Why is Louisiana's Medicaid expansion so important?

President Obama visited Louisiana on Thursday after Gov. John Bel Edwards signed Medicaid expansion legislation into law. 

Carolyn Kaster/AP
President Obama gestures as he speaks during a town hall at McKinley Senior High School in Baton Rouge, La., Thursday, Jan. 14, 2016. After giving his State of the Union address, the president is traveling to tout progress and goals in his final year in office.

Louisiana Gov. John Bel Edwards recently signed controversial Medicaid expansion legislation into law. President Obama visited Louisiana on Thursday in hopes that Medicaid's success there will spur other conservative states to consider the plan. 

Governor Edwards (D) signed Medicaid expansion legislation on Tuesday, his first day in office. He has long been a proponent of the Medicare expansion, which he believes will help Louisiana counter its wellness woes. 

“We are consistently ranked one of the poorest and unhealthiest states," announced Edwards, "and this cycle will not be broken as long as anyone in Louisiana has to choose between their health and their financial security."

Louisiana is, in fact, ranked 50th out of 50 states on health and wellness rankings, according to the United Health Foundation. The state has high levels of obesity, a smoking problem, and a high percentage of children in poverty. In the past five years, the percentage of children in poverty has risen to 33 percent of the state's population. That same time range saw Medicaid funding per person decrease by 33 percent. 

The expansion plan, which extends Medicaid coverage eligibility to all with incomes below 138 percent of the poverty level, will grant 300,000 Louisiana residents access to health care on July 1. 

Edwards is one of the only liberal governors in the South, and the first Deep South governor to pass the Medicaid expansion. Only nineteen states have chosen not to expand Medicaid. 

Why is Louisiana the first state of its kind to accept the Medicaid expansion?

Despite his passage of Louisiana's Medicaid expansion, Edwards is an odd duck amongst Democrats. He opposes abortion and gun control, two stereotypically liberal issues, but supports equal pay, LGBT rights, and food stamp programs. 

When New York Times reporter Campbell Robertson wrote about Edwards' victory in November, he said that, "A more promising red state Democrat could hardly have been found." 

Edwards' predecessor, Republican Bobby Jindal, vigorously opposed the Medicaid expansion during his tenure as governor. His policies were in line with other Deep South politicians. Florida Gov. Rick Scott, for example, refuses to sign Medicaid expansion legislation that would grant healthcare coverage to 1.25 million Florida residents.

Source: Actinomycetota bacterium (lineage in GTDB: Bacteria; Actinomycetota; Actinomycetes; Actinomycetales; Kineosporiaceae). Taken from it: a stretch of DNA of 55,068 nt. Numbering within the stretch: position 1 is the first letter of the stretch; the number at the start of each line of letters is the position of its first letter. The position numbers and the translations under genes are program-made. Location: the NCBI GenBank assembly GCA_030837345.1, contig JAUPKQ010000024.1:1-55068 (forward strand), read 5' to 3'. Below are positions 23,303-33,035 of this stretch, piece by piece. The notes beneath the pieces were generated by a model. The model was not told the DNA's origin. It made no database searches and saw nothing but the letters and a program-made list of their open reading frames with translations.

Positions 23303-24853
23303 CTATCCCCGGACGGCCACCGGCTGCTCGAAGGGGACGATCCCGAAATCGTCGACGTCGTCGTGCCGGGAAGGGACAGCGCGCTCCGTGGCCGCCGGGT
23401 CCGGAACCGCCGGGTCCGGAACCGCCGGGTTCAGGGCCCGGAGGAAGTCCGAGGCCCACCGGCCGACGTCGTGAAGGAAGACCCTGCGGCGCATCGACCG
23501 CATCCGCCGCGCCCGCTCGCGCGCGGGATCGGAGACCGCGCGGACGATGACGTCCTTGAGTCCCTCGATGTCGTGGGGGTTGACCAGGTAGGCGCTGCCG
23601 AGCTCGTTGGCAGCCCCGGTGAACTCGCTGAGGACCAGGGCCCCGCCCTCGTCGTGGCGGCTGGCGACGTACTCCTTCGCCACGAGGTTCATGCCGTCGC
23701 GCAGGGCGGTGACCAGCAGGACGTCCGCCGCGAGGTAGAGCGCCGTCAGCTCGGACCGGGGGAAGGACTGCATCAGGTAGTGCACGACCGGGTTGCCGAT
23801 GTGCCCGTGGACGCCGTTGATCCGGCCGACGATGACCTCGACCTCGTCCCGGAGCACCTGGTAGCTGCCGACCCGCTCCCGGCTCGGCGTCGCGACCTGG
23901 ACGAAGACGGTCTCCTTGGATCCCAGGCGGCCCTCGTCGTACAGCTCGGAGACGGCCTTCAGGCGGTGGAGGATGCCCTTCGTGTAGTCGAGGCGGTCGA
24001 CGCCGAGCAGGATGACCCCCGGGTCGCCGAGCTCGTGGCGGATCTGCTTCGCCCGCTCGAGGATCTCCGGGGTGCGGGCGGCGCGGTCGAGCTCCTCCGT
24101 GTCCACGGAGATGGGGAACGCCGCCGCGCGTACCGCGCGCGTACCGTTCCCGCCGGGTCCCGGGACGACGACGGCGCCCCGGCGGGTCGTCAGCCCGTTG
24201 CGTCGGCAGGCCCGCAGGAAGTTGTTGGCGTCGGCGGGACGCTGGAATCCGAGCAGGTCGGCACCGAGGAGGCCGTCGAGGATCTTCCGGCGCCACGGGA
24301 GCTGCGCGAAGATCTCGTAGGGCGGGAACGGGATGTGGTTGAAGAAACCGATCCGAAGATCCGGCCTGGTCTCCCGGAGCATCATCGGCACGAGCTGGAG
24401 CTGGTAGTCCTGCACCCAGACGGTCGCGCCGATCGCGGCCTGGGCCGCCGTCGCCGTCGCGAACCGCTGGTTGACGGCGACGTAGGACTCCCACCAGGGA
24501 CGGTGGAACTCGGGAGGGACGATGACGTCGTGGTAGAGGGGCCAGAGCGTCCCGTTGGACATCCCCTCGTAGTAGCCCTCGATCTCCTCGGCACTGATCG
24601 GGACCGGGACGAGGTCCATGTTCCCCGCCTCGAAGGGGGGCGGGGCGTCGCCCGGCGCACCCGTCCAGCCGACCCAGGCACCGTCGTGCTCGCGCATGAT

In his final State of the Union address, Obama emphasized the importance of universal health care coverage. Like Edwards, Obama stressed the importance of universal healthcare in preventing people from slipping into poverty, saying "that's why Social Security and Medicare are more important than ever; we shouldn't weaken them, we should strengthen them."

Obama chose to visit Louisiana on Thursday to encourage other conservative states to do what Louisiana did on Tuesday. According to The New York Times, Republican legislators in North Dakota, Wyoming, and Nebraska are considering the Medicaid expansion. 

The president plans to offer an additional incentive to states that extend Medicaid eligibility under his proposed 2017 budget. Any state that expands Medicaid would receive three years of federal funding for the program. After three years, states that join would be liable for 10 percent of Medicaid costs each year. 

Edwards's commitment to Medicaid expansion pushed the number of Medicaid-eligible Americans who live in states that have accepted the expansion to over 50 percent.

You've read  of  free articles. Subscribe to continue.

Dear Reader,

About a year ago, I happened upon this statement about the Monitor in the Harvard Business Review – under the charming heading of “do things that don’t interest you”:

“Many things that end up” being meaningful, writes social scientist Joseph Grenny, “have come from conference workshops, articles, or online videos that began as a chore and ended with an insight. My work in Kenya, for example, was heavily influenced by a Christian Science Monitor article I had forced myself to read 10 years earlier. Sometimes, we call things ‘boring’ simply because they lie outside the box we are currently in.”

If you were to come up with a punchline to a joke about the Monitor, that would probably be it. We’re seen as being global, fair, insightful, and perhaps a bit too earnest. We’re the bran muffin of journalism.

But you know what? We change lives. And I’m going to argue that we change lives precisely because we force open that too-small box that most human beings think they live in.

The Monitor is a peculiar little publication that’s hard for the world to figure out. We’re run by a church, but we’re not only for church members and we’re not about converting people. We’re known as being fair even as the world becomes as polarized as at any time since the newspaper’s founding in 1908.

We have a mission beyond circulation, we want to bridge divides. We’re about kicking down the door of thought everywhere and saying, “You are bigger and more capable than you realize. And we can prove it.”

If you’re looking for bran muffin journalism, you can subscribe to the Monitor for $15. You’ll get the Monitor Weekly magazine, the Monitor Daily email, and unlimited access to CSMonitor.com.